I just made a classic roast chicken and the recipe called for stuffing a lemon, thyme, and onion inside the cavity of the chicken. Why even bother stuffing the cavity with anything? What does it accomplish?
Lemon, herbs, onions, and garlic too are all aromatics that infuse into the chicken as it cooks giving it a lovely flavor. It doesn't absorb the flavors enough to call it a lemon chicken, but gives the chicken some flavor depth and acts as an enhancement. Stuffing the chicken helps these flavors to infuse better into the meat than spreading them around. Salt and pepper,too, should go in the cavity.
Putting ingredients inside as well as on the surface helps spread the flavors throughout the meat. They're also very moist so it helps the bird stay juicier. Plus, it adds to the aroma which, believe it or not, affects the flavor. All in all, it's an easy way to make your chicken more delicious!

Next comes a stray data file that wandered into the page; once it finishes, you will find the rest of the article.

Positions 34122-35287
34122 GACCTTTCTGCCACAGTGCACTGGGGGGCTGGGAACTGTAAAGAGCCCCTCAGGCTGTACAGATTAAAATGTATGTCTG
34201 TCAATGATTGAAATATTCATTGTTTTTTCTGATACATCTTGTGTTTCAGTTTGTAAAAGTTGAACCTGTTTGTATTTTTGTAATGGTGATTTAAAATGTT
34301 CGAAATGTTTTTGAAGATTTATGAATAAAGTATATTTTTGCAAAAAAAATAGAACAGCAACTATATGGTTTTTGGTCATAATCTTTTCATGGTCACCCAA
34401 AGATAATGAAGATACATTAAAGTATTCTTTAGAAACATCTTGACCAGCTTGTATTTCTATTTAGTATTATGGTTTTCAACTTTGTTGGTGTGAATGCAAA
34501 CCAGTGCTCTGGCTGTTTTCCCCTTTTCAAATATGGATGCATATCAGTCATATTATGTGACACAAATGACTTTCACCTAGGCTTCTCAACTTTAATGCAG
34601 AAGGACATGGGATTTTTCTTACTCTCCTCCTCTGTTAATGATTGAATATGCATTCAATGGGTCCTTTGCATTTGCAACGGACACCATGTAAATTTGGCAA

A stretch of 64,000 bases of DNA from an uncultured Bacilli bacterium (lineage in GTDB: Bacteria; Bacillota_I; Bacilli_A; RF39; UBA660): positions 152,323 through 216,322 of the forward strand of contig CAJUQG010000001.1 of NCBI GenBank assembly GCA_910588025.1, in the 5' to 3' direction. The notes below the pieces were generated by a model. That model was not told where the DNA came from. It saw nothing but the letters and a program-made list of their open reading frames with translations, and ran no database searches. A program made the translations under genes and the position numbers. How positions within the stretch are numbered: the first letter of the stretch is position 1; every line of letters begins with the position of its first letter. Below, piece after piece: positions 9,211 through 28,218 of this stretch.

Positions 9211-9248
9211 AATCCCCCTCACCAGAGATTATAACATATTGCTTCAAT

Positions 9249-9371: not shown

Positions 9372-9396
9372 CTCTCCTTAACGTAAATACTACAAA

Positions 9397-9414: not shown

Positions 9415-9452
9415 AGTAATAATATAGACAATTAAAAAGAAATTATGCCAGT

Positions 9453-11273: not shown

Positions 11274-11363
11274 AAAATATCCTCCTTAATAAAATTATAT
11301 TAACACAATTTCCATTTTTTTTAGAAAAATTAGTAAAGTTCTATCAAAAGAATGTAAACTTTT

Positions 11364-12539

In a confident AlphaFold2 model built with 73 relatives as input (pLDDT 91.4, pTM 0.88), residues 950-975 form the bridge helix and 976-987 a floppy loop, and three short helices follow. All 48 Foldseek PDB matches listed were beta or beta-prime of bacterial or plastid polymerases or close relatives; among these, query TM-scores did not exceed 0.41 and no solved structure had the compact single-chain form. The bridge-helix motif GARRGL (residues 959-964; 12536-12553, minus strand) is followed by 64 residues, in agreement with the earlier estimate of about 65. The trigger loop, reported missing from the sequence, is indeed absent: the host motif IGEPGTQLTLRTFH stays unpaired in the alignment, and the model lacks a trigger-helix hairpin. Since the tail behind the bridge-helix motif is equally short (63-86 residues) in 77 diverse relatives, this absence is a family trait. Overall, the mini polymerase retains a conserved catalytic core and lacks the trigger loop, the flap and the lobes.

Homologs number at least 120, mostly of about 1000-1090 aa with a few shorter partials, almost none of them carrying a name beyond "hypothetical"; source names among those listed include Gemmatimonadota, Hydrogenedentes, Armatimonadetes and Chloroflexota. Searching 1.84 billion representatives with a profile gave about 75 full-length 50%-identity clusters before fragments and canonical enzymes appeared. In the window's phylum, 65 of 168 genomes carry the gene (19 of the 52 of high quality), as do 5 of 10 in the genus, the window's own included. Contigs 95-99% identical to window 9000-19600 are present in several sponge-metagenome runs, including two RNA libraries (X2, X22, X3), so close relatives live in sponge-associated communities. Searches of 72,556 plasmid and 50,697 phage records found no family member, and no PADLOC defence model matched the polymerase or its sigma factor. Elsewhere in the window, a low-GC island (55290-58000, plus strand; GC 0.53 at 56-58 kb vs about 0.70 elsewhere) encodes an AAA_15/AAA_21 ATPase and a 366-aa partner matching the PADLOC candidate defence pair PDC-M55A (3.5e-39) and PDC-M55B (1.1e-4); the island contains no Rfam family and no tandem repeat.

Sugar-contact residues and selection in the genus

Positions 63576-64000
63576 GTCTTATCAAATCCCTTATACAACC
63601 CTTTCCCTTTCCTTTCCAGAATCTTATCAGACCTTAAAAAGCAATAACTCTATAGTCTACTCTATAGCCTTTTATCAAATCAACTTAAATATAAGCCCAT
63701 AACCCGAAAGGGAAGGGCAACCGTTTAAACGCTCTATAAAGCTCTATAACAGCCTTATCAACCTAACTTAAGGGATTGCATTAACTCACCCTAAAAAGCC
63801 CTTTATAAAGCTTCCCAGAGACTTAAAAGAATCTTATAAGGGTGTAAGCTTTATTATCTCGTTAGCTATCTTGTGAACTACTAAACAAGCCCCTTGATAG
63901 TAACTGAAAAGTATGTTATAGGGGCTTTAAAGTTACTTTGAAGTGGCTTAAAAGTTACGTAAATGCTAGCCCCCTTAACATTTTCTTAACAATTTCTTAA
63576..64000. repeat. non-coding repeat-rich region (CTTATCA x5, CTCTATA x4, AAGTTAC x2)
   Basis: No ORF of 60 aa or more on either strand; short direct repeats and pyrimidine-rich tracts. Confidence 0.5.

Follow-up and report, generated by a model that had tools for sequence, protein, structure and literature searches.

Hopefully, you pierced the lemon before stuffing it into the bird...
I have an old Italian recipe that calls for one or two (depending on sizes of lemons and the bird) lemons, placing them into the cavity and sewing up the opening before roasting.
Prior to going in, then lemons are rolled to loosen the skin and pierced several times with a skewer.
For the first part of the roasting, the bird is placed on it's breast (to let the juices flow into the meat), and then turned up the right way to let the breast crisp up and to even the cooking.
This method doesn't require basting of any kind - the lemon juices both moisten and infuse flavour into the meat.
Sunday last I made a roast chicken. Seasoned the cavity with salt and pepper, cut lemon halves, a head of garlic cut in half, huge bunch of rosemary. Also brushed melted butter on the outside and put salt and pepper again. It was amazing! The meat was so juicy and tender and I (and my guest) could really taste the garlic, lemon and rosemary in the meat as well -- which I am perplexed at how the herbs in the cavity could season the meat. Well, don't care -- it was delicious!